You can expect to take part in the following activities:
Game count & monitoring
Annual game counts of species (including rhino, elephants, lions, leopards and antelope) are carried out in order to establish the carrying capacity of the reserve, the movement of animals to and from the area, as well as predator to prey ratios.
Telemetry tracking & research
Telemetry tracking (or tracking using remote sources such as wire or radio) is used - particularly with regards to the more elusive species like cheetah and leopards.
Restoration and rehabilitation of reserve landscapes and fencing
This is integral to the well-being of the reserve and ensures its long term revival as a pristine landscape suitable for an extensive collection of flora and fauna.
Maintenance of the reserve as a healthy breeding centre
Shamwari is an important breeding centre for a variety of species. Management here can refer to anything from veld (open country or grassland) conditions assessment, mapping of breeding area, mapping of alien vegetation, monitoring animal numbers and managing water points.
Alien plant control
An essential part of your volunteer duties here, alien plant control helps to get rid of unwanted (and potentially poisonous plants), increase the natural biodiversity of the reserve, as well as decrease fire risk.
Volunteering at Born Free Foundation
An opportunity will be given on a weekly basis for you to volunteer with big cats (lions and leopards) at the Born Free Big Cat Sanctuary - a world-renowned animal rehabilitation centre.
Volunteering at the Animal Rehabilitation Centre
Shamwari Animal Rehabilitation Centre was set up to aid in the rehabilitation of injured animals found on the reserve and surrounding community. The aim is to give the animals the short term care they need so that they can be successfully released back into the environment.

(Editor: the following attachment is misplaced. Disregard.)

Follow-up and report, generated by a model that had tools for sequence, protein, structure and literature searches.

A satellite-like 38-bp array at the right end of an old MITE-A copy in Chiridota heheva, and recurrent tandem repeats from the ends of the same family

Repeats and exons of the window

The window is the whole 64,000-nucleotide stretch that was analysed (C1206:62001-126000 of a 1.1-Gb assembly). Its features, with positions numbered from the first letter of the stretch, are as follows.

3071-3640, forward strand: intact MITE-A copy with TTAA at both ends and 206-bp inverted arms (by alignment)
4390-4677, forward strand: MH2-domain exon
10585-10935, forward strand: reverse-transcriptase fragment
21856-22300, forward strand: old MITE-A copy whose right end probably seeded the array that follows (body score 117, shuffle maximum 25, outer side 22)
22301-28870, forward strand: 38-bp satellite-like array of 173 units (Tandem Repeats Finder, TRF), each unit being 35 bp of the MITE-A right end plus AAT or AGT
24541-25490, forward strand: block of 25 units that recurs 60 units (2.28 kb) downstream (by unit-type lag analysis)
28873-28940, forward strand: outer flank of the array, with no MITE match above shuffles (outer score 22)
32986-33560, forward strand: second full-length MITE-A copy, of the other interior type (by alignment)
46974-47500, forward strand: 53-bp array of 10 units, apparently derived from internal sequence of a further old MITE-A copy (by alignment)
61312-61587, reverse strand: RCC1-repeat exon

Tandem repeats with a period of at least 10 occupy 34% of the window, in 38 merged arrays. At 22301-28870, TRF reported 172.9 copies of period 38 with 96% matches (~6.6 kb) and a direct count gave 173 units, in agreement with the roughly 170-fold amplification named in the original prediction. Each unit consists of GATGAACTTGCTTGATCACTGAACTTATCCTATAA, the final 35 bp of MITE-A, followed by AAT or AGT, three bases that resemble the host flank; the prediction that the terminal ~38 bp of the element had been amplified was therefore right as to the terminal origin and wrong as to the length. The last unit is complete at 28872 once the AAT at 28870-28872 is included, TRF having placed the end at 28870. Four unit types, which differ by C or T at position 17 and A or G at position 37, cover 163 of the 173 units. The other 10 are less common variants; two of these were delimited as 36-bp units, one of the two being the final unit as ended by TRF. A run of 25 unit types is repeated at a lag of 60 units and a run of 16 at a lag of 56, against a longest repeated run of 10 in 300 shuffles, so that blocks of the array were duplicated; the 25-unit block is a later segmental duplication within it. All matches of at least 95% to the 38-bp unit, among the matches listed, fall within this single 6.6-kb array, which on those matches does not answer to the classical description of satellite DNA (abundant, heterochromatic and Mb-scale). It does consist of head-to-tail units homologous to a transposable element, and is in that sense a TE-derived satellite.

This responsibility involves the education of local communities in the benefits of conserving biodiversity and stresses the importance of conserving the natural habitats of Shamwari and the surrounding area. Weekly trips are made into the local community to assist in various community projects that range from creating and maintaining vegetable gardens, recycling projects, painting classrooms and building jungle gyms.
Restoration and Rehabilitation of Reserve Landscapes
The need to return the once pristine landscape to its original splendour includes the collecting and removal of old fence lines and rehabilitating degraded and overgrazed land.
These projects are often undertaken in conjunction with both local and foreign research and academic institutions and may range from elephant fertility testing to capturing data on lesser known species such as Brown Hyena.
Once you have said goodbye to your fellow volunteers and facilitators, you will transfer back to airport for you return flight home or you will commence onward independent travel plans.
You are free to explore the surrounding area, relax by the pool, read a book ect.
Accommodation is within a purpose built guest centre that contains 15 twin bedded en-suite rooms, a dining room area, plunge pool, common lounging area with cable TV and a DVD player. There is also tented accomodation, sleeping 3 per tent with en-suite facilities. The availability at the time will depend on which accomodation you will be staying in. Wireless internet is also available at a small fee and laundry service can also be provided once per week.
During your time here, you will be given three meals per day as part of the project price. Bottled water and soft drinks will need to be purchased from local trading stores open daily.
There are no facilities to service Kosher or Halal requirements but the supply of such meals can be serviced at extra cost with adequate warning.